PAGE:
I love the Welch/Rawlings ballad for it’s captivating story. Lambert has a way of making everything she sings sound interesting and she succeeds here. The air of mystery holds together the brilliant lyric – she’s running around with her ragtop down to escape the pressures of getting married. She’s fleeing her obligations to do the right thing, yet we never really know why she’s bolting to Atlanta. She’s reclaiming her independence but not without the guilt of what she’s leaving behind. It’s a story song for the ages, made even more appealing by the understated production and backing vocals by Karen Fairchild and Kimberly Schlapman of Little Big Town.

“Same Old You,” another understated winner, fell into Lambert’s lap after Carlile felt she couldn’t sell it like Lambert. I love the folksy vibe of the production here – the gentle strum of the lead guitar sets it apart from the rest of the album. But what brings the song to new heights is the Loretta Lynn-like quality of Carlile’s lyric. (Lynn is the common dominator the bonds Lambert’s friendship with Carlile). It’s refreshing when the narrator finally sees what’s in front of her – that no matter what day of the week, he’s just the same old person and he’s never going to change. When Lambert sings about how hurt his mama’s going to be when she finds out there won’t be any wedding to cap off this relationship, it shows her maturity. I like how she’s drawn to songs that bring new depths to her feistiness. She’s every bit the same woman, but doesn’t have to resort to killing off her man to prove it.

Another track to display this growth is Don Henry and Phillip Coleman’s “All Kinds of Kinds.” A sweeping ballad about diversity, it not only defines the link binding all the songs together, but spins a unique angle on acceptance. The beautiful flourishes of Dobro give the song a soft quality I find appealing and the metaphor of circus acts as a means of driving home the main point showcases the songwriters’ cleverness in crafting their story.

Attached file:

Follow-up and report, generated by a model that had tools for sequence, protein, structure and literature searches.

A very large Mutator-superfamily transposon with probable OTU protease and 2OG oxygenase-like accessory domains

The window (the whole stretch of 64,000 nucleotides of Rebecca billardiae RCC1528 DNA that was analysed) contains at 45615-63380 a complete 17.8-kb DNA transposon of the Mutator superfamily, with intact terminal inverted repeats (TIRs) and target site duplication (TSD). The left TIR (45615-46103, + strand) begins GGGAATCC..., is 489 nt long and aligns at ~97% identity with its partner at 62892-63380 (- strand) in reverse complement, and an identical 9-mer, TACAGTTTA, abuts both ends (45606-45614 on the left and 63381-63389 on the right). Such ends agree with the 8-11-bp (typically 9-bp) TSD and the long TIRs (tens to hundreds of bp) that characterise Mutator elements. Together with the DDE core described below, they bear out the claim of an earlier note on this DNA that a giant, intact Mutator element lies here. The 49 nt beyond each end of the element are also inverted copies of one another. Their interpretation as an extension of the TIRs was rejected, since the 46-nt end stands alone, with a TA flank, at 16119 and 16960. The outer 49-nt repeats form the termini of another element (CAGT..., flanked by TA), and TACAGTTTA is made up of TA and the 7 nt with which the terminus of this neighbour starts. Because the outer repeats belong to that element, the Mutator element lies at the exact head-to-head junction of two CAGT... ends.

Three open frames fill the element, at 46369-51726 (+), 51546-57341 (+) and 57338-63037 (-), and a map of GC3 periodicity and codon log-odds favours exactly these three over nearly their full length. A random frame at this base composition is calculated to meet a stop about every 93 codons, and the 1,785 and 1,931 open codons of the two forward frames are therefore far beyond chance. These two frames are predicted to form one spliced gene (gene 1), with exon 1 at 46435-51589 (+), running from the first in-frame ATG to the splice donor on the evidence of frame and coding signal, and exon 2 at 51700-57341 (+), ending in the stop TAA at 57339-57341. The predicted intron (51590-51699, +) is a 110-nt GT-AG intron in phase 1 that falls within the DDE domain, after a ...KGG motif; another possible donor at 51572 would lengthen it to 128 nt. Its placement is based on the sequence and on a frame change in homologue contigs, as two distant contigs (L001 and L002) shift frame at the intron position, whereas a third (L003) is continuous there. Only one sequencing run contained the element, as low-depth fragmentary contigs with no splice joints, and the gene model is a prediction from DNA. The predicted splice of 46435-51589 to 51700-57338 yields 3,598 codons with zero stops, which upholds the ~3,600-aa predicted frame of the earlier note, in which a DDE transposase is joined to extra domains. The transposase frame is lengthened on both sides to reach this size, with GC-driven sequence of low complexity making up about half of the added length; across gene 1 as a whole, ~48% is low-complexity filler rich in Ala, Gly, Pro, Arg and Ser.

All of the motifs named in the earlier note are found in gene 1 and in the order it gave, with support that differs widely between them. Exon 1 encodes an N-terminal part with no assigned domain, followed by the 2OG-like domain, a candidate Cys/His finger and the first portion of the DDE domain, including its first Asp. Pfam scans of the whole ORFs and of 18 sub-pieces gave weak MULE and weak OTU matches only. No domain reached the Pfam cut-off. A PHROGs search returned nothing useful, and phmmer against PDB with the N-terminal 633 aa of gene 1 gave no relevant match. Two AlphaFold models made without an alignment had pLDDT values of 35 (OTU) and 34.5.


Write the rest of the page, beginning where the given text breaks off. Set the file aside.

Her overall growth continues in Kacey Musgraves, Shane McAnally, and Brandy Clark’s gritty “Mama’s Broken Heart” as well as in the six songs she wrote or co-wrote herself for the project. I love the driving production on this song, especially on the chorus. The loud thumping drums and guitars help it become a standout moment on the album. I also adore how the songwriters spun the old adage of it’s not you’re parents (fill in the blank) into the hook line, “it’s not your mama’s broken heart.” I’ve heard rumblings this might be in contention for release to country radio and I’m all for it. What a joy it would be to hear this song coming through my radio speakers.

As for the six she wrote or co-wrote herself, Lambert never fails to disappoint. My favorite of these is “Easy Living,” which Lambert co-wrote with Scotty Wray. She was going for the vibe of sitting on the back porch, strumming a guitar, while listening to an AM radio. I love “am radio” effect cut underneath the song which is actually Randy Scruggs reading the Oklahoma Farm Report. I wish I could hear what he’s saying but for this distinctive effect to work, it couldn’t be too distracting from the overall song. I also admire the acoustic production, which brings to mind Shania Twain’s “No One Needs To Know.”